Published on 18 Dec 2020.
RAM Ratings has reaffirmed the AA1/Stable rating of Batu Kawan Berhad’s (Batu Kawan or the Group) RM500 mil Islamic Medium-Term Notes Programme (2013/2023). The reaffirmation reflects the Group’s ability to maintain a strong financial profile notwithstanding the COVID-19 pandemic. Despite demand disruption, crude palm oil (CPO) prices have remained high due to the implementation of the B30 biodiesel mandate in Indonesia and weaker production this year. The various stages of the Movement Control Order have had minimal impact on the Group’s plantation segment as it has been allowed to continue operating, although estates in Sabah have seen some disruptions.
Batu Kawan’s credit profile largely mirrors that of its 47%-controlled subsidiary, Kuala Lumpur Kepong Berhad (KLK), which contributes more than 90% of the Group’s revenue and operating profit before depreciation, interest and tax (OPBDIT). The Group’s integrated plantation business is parked under KLK, the sukuk programmes of which are rated AA1/Stable by RAM.
Stronger CPO prices averaging RM2,613/MT in 10M 2020 (2019: RM2,118/MT) had resulted in a better performance by Batu Kawan’s plantation segment. Notably, the Group’s OPBDIT and pre-tax profit were lifted 53% and 36%, respectively, in FY Sep 2019 and FY Sep 2020. The Group’s net gearing ratio and annualised funds from operations (FFO) net debt cover stayed robust in the same period at a respective 0.23 times and 0.61 times, underpinned by a sizeable cash pile (including liquid money-market instruments).
On 11 December 2020, Batu Kawan completed the acquisition of a 56.32% stake in Chemical Company of Malaysia Berhad (CCM). This makes Batu Kawan the sole chlor-alkali manufacturer in the country, which will strengthen the Group’s industrial chemical business. The acquisition has triggered a mandatory takeover offer (MTO) for the remaining shares in CCM. This entire acquisition will likely be funded by a combination of cash and borrowings. Should Batu Kawan be successful in taking CCM private, the Group’s net debt is expected to increase by RM716.73 mil, after factoring in CCM’s existing debts and assuming that the MTO would be fully debt funded. The financial impact of this purchase is manageable in view of Batu Kawan’s strong performance in FY Sep 2020 and its conservative balance sheet.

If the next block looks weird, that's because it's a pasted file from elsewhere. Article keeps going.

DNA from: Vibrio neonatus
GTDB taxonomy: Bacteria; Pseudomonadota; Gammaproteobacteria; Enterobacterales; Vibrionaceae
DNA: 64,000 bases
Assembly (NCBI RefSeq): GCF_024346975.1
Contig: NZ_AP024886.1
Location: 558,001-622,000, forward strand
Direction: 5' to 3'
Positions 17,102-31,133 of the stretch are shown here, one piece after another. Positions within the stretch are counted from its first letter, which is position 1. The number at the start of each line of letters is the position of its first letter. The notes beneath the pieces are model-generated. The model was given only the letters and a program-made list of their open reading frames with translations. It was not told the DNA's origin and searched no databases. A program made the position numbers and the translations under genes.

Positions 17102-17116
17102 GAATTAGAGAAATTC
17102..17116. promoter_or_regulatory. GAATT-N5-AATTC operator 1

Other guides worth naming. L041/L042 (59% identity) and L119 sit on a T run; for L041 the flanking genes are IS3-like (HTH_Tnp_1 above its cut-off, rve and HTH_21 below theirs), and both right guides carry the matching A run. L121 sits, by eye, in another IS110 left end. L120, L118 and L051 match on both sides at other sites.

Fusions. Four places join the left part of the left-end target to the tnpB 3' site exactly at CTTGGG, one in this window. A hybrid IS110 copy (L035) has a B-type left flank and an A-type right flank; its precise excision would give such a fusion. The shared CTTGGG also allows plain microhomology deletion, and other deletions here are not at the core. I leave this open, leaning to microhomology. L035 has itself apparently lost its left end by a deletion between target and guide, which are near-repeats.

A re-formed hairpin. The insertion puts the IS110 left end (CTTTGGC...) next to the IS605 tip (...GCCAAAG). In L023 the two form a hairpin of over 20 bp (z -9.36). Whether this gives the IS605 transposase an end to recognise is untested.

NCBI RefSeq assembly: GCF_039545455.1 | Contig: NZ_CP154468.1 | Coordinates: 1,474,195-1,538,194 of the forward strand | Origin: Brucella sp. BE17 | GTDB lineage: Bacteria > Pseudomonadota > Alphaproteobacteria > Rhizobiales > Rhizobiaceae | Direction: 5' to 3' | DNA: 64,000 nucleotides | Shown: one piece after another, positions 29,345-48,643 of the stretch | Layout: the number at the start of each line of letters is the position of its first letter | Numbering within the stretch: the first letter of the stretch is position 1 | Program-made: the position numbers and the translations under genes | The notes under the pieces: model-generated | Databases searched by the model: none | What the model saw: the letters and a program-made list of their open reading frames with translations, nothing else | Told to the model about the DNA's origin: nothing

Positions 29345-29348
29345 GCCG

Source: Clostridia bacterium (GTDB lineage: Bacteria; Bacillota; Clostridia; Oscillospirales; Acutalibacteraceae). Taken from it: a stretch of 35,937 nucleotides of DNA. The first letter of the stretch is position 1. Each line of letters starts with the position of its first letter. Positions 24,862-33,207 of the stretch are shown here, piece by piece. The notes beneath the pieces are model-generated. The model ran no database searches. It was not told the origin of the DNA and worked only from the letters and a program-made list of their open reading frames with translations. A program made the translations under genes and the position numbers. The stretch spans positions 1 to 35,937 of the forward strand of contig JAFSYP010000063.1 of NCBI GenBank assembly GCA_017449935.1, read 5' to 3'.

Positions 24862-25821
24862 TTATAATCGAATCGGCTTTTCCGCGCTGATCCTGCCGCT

Under our base-case scenario, which assumes conservative CPO prices and the utilisation of the Group’s cash reserves to fund ongoing acquisitions, Batu Kawan’s FFO net debt cover is anticipated to stay supportive of its issue rating at above 0.40 times. We believe current lofty CPO prices relative to price assumptions in our stress analysis, coupled with synergistic benefits from the acquisition of the CCM stake, will provide some upside to the Group’s credit metrics.
The rating remains backed by Batu Kawan’s strong business profile. Through KLK, the Group is Malaysia’s third-largest plantation player and among the world’s top 10. Its integrated business model provides some natural hedge against CPO price downcycles. Batu Kawan’s operations are geographically dispersed throughout Malaysia, Indonesia, Liberia, Europe and China. The Group’s healthy agronomic practices have led to strong yields that compare favourably to that of large regional peers. Additionally, the fairly lean cost structure of its upstream segment will continue to serve it well during industry downcycles.
The rating is constrained by the challenging operating environment of the Group’s mid- and downstream businesses, which continue to be plagued by persistent overcapacity and volatile feedstock costs. As with other planters, Batu Kawan is susceptible to the volatility of CPO prices and mounting pressure from labour and environmental issues. Apart from the tougher operating environment in Indonesia, the Group’s Liberian venture also poses challenges and risks, as demonstrated by the closure of its Butaw estate in July 2019.
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Ratings on Batu Kawan Berhad